Sunday, April 25, 2010

Guests of the Ayatollah

Today is the anniversary of the Desert One disaster
during the attempt to rescue the hostages in Iran.

A fantastic excerpt from Mark Bowden's book on
this event is here.

How many things would be different if that mission had
succeeded? No 911, gulf wars 1 and 2, no president Reagan?

Here in one paragraph was a key problem with the mission:

The question of what to do with the passengers was relayed all the way to the White House. The president and his staff were deliberately going through the late-afternoon motions of a typical workday but secretly hanging on every update from the desert. Zbigniew Brzezinski, the national-security adviser, relayed the unexpected problem of the bus to the president, and Carter agreed that the only thing to do was to fly all the Iranians out that night on one of the C-130s and then return them to Iran when the mission was complete.

Friday, April 23, 2010

Deepwater Horizon

Rigzone's report was wrong, the 11 missing men on the deepwater horizon
weren't found, they are still missing.

The rig finally sank as can be seen in this slideshow from the times picayune
in New orleans.

Thursday, April 22, 2010

Fire on the Deepwater Horizon

There was a blowout and fire out on the Deepwater Horizon
which was working for BP in Mississippi Canyon 252, which is the
Maconda field. From Rigzone, it appears that they've found everyone,
yahoo is still saying 11 men are missing though, so I hope Rigzone is

They were trying to plug and abandon the well after an exploration well,
I'd guess they did a well test and were trying to set a plug afterwards so
that they can move the rig to the next well, and either they swabbed in
a kick by moving the drillpipe up too quickly, or perhaps they thought they had
the well killed after the well test and it bit them in the ass. (I have no idea
what happened, i'm just speculating).

It's interesting to me because it scares the hell out of me, the idea of having to
evacuate from a burning rig is pretty much the worst case for the oilfield. On
land you can just run away, in shallow water maybe swim to land or another rig,
but in deepwater there is usually nothing within miles, and the water is 5000' deep.
To carry out an evacuation and not lose anyone is an amazing feat, and depends completely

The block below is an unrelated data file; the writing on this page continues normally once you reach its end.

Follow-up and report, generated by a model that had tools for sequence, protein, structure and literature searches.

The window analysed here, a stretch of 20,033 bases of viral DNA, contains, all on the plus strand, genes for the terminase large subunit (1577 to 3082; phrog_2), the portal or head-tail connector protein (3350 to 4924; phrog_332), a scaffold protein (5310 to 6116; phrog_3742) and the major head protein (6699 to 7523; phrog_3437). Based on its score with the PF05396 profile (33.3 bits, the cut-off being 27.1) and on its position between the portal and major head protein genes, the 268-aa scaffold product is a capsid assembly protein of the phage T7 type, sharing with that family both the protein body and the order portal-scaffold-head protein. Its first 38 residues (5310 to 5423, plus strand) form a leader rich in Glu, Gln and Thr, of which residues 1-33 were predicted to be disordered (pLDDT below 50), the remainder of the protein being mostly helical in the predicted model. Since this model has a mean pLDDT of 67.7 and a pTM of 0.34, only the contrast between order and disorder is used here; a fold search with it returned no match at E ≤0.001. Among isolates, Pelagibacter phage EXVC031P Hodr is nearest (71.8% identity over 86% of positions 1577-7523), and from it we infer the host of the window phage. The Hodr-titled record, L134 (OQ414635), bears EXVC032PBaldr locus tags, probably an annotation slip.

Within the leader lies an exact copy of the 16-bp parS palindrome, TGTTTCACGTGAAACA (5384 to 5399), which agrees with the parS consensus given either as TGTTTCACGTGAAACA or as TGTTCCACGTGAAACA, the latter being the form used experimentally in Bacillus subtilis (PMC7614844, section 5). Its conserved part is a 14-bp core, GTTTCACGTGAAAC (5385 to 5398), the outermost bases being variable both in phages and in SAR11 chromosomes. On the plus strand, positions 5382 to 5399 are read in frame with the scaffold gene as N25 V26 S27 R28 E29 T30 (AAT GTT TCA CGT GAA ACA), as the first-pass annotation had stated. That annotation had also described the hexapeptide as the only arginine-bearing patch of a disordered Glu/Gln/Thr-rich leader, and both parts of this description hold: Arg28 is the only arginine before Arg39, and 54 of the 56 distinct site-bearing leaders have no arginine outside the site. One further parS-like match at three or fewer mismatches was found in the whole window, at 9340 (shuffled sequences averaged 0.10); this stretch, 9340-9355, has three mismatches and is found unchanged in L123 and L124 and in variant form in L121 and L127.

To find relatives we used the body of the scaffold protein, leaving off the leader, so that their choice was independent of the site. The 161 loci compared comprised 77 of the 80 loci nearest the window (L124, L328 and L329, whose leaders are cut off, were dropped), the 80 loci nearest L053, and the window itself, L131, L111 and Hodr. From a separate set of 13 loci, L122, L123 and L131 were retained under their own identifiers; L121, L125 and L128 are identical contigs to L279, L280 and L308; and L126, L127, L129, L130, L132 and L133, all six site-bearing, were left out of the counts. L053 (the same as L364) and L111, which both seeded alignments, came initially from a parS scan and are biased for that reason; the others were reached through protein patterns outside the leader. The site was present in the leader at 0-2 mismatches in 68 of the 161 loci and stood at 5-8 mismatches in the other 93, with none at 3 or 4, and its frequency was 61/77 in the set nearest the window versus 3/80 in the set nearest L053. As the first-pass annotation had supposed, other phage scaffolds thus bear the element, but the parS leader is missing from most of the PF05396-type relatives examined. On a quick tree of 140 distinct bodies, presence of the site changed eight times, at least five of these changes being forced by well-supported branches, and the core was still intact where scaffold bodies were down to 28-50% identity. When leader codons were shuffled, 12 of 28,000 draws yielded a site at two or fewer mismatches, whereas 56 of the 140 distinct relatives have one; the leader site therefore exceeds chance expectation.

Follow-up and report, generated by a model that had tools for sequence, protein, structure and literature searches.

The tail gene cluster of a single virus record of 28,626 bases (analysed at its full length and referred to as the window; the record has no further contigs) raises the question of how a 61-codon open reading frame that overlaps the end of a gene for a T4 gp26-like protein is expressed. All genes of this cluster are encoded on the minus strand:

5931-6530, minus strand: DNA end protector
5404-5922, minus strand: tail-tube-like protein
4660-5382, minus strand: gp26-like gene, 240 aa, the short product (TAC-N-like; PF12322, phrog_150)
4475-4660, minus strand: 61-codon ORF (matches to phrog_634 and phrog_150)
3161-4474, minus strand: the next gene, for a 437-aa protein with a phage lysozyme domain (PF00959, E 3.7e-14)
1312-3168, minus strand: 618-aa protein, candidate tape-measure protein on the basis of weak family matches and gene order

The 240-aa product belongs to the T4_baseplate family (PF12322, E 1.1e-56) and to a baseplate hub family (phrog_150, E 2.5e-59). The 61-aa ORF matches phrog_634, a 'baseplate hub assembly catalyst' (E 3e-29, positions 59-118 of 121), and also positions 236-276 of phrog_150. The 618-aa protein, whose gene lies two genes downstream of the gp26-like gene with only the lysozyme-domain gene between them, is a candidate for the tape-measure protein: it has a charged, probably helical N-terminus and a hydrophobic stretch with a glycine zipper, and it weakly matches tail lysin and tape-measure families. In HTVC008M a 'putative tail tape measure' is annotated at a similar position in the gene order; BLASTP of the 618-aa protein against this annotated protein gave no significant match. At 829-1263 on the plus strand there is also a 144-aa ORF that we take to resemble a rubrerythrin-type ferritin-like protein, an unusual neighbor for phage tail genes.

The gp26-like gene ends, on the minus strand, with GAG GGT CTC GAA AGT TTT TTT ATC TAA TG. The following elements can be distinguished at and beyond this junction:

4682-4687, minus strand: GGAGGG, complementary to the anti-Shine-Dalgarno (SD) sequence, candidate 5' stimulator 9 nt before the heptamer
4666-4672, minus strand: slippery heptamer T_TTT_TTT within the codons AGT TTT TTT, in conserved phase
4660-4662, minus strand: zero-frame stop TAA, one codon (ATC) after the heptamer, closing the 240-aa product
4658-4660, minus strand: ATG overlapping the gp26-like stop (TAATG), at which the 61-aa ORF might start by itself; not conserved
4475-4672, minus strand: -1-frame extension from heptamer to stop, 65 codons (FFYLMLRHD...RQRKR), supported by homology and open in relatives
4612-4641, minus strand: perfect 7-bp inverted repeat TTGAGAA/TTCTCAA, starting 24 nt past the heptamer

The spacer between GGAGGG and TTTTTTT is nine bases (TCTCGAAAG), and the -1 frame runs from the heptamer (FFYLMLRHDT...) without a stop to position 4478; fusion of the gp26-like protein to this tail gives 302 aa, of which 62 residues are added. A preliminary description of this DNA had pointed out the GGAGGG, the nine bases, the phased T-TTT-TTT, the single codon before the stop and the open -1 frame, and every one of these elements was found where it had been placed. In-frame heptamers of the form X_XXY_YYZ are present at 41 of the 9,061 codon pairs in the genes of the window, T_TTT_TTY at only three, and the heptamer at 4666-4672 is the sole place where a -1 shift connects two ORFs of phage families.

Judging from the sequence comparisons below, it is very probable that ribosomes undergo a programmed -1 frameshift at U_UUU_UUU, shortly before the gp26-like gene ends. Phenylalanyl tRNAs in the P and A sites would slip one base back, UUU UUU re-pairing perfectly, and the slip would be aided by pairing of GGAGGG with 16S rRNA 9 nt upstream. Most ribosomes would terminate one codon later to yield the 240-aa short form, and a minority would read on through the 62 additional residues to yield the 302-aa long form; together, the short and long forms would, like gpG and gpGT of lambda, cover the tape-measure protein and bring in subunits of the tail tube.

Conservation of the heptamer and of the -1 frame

on the professionalism of the workers of transocean and bp.

[picture from
Rigzone, better
version there)

Wednesday, April 14, 2010

mmmmmm, lunch.

I just had a super good lunch at la tavolaccio, just their ordinary lunch special of
spedinni quatro formaggio for prima piatti and tonnato for secundi, piu patata al forno.

Freaking excellent. Tonnato is veal sliced thin covered in a sauce made from tuna
an mayonaise (i think). spedinni are star shaped tubular pasta that are about the
same size as kraft macaroni and cheese, but just cooked al dente with a white cheese
sauce made from 4 cheeses. Plus a half liter of wine. (doh!)

What I like about italian food is the good food isn't the outliers, I don't think there
are many 4 star italian restaurants serving minute portions of food, but the average
places are so good. Of course, this is where the truckers go too, so there's some universal
law at work of 'eat where the truckers eat'.

Lunch was topped off by a nice coffee. I think the big difference between new arrivals and
people that have lived in italy a while is the way they drink coffee. First of all, there
is a national law that says no cappuccino after lunch (or after any food, depending who you
ask). Second is when I first arrived I saw the tiny espressos and drank them in a gulp.
After a while, the sip of coffee in the espresso cup becomes 4 sips and then the real miracle
is when you realize that there is a fifth sip that include all the sugar that you put in the coffee.
(no sweet and low here).

I don't know how I'll make it back to drinking normal drip coffee. Once we get home I'm
afraid I'll be a tea drinker.

We know you have a choice when you fly...

Saturday, April 10, 2010

Let slip the Professors of War

Mark Bowden has a profile of General Petraeus over at
vanity fair. Excellent as everything that Mark Bowden writes,
hopefully it's a profile of the next President.

Facing Congress, he didn’t waver. It was the same now as on the day Bush had met with him privately in the Oval Office after the Senate confirmed his selection for what most felt was an impossible mission. The general had said, “Mr. President, this isn’t double-down.… This is all-in.” It was an expression that would be repeated often within his inner circle. They were staking everything on the outcome. There could be no second thoughts, no looking back.